Higher gas prices, fewer court appearances?

June 20, 2008
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You can’t turn on the television or read a newspaper these days without seeing a story about how the increased cost of oil is affecting people. People are making a more concerted effort to carpool, cut back on extraneous driving, or take public transportation in attempts to offset the costs of driving.

But what can attorneys who have clients in different parts of the state do? The Indiana Supreme Court and Court of Appeals typically hold arguments in Indianapolis, which means attorneys outside of the city have to go to Indianapolis to represent their clients. Occasionally, arguments are held in different parts of the state, meaning an Evansville attorney now might have to travel even farther to make it to Valparaiso or Richmond instead of Indianapolis for a case. Some attorneys have to travel to a different county just to attend one, short court hearing.

Attorneys don’t have the luxury of grabbing a bus to attend a hearing two counties away, and carpooling may not always be an option. Even driving within the same county for trips to court every day takes a toll on the wallet.

How has the price of gasoline affected your practice? Does your law firm or office allow telecommuting? According to a recent survey by Chicago-based outplacement firm Challenger Gray & Christmas, 14 percent of companies polled let workers telecommute at least one day a week.

What about the courts – do you think they should let attorneys telecommute for certain proceedings to save on gas?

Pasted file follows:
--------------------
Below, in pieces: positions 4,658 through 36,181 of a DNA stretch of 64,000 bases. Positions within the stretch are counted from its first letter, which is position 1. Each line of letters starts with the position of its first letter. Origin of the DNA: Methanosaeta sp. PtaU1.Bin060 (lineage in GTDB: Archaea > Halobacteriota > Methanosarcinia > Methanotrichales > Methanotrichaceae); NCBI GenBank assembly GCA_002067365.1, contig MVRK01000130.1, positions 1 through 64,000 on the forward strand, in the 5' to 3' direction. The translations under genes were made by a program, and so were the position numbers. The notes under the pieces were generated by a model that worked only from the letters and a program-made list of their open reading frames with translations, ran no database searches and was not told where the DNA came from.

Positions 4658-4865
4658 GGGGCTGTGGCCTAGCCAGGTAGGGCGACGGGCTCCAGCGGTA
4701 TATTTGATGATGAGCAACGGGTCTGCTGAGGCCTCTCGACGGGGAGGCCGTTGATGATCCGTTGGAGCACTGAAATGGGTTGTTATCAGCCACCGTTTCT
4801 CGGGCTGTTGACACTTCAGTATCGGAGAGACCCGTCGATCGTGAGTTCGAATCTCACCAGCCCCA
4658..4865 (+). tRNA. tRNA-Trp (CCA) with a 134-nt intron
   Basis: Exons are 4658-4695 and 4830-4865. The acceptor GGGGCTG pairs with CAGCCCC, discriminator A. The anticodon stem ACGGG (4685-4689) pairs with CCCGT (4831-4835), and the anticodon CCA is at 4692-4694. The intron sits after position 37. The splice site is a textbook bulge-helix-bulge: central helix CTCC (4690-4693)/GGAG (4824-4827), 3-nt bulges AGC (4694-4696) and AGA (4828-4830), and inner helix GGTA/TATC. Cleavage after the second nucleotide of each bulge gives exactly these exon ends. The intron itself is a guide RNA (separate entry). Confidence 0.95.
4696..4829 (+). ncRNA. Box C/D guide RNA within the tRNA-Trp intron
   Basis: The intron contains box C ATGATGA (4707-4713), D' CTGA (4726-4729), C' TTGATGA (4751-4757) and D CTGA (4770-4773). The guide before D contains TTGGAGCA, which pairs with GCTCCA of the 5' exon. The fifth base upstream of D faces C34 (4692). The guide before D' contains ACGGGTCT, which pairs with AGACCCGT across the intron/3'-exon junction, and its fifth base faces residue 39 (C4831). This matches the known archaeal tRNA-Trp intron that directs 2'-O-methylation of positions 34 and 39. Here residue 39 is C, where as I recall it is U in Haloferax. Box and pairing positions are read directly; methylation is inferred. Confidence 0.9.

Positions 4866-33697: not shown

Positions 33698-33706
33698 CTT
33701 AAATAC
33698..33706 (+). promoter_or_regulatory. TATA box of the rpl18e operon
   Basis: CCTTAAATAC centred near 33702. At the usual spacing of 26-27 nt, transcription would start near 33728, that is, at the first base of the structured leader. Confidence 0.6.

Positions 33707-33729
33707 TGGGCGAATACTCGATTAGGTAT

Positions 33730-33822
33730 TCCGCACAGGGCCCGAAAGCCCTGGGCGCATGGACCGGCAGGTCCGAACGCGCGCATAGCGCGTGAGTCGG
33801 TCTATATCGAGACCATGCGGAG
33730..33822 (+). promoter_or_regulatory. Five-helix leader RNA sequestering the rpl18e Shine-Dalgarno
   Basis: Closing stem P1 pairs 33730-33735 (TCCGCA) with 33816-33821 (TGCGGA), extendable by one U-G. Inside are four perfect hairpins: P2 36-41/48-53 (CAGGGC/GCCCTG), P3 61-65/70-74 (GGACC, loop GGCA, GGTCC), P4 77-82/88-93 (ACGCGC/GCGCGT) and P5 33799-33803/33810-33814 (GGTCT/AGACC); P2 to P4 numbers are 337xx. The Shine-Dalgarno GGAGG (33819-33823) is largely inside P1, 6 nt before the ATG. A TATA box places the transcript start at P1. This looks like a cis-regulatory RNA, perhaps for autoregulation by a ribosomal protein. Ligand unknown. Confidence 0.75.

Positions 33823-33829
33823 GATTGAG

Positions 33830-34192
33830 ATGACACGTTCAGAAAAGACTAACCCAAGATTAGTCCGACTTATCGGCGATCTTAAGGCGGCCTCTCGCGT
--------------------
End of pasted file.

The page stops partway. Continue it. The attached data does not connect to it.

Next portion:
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  1. The sad thing is that no fish were thrown overboard The "greenhorn" who had never fished before those 5 days was interrogated for over 4 hours by 5 officers until his statement was illicited, "I don't want to go to prison....." The truth is that these fish were measured frozen off shore and thawed on shore. The FWC (state) officer did not know fish shrink, so the only reason that these fish could be bigger was a swap. There is no difference between a 19 1/2 fish or 19 3/4 fish, short fish is short fish, the ticket was written. In addition the FWC officer testified at trial, he does not measure fish in accordance with federal law. There was a document prepared by the FWC expert that said yes, fish shrink and if these had been measured correctly they averaged over 20 inches (offshore frozen). This was a smoke and mirror prosecution.

  2. I love this, Dave! Many congrats to you! We've come a long way from studying for the bar together! :)

  3. This outbreak illustrates the absurdity of the extreme positions taken by today's liberalism, specifically individualism and the modern cult of endless personal "freedom." Ebola reminds us that at some point the person's own "freedom" to do this and that comes into contact with the needs of the common good and "freedom" must be curtailed. This is not rocket science, except, today there is nonstop propaganda elevating individual preferences over the common good, so some pundits have a hard time fathoming the obvious necessity of quarantine in some situations....or even NATIONAL BORDERS...propagandists have also amazingly used this as another chance to accuse Western nations of "racism" which is preposterous and offensive. So one the one hand the idolatry of individualism has to stop and on the other hand facts people don't like that intersect with race-- remain facts nonetheless. People who respond to facts over propaganda do better in the long run. We call it Truth. Sometimes it seems hard to find.

  4. It would be hard not to feel the Kramers' anguish. But Catholic Charities, by definition, performed due diligence and held to the statutory standard of care. No good can come from punishing them for doing their duty. Should Indiana wish to change its laws regarding adoption agreements and or putative fathers, the place for that is the legislature and can only apply to future cases. We do not apply new laws to past actions, as the Kramers seem intent on doing, to no helpful end.

  5. I am saddened to hear about the loss of Zeff Weiss. He was an outstanding member of the Indianapolis legal community. My thoughts are with his family.

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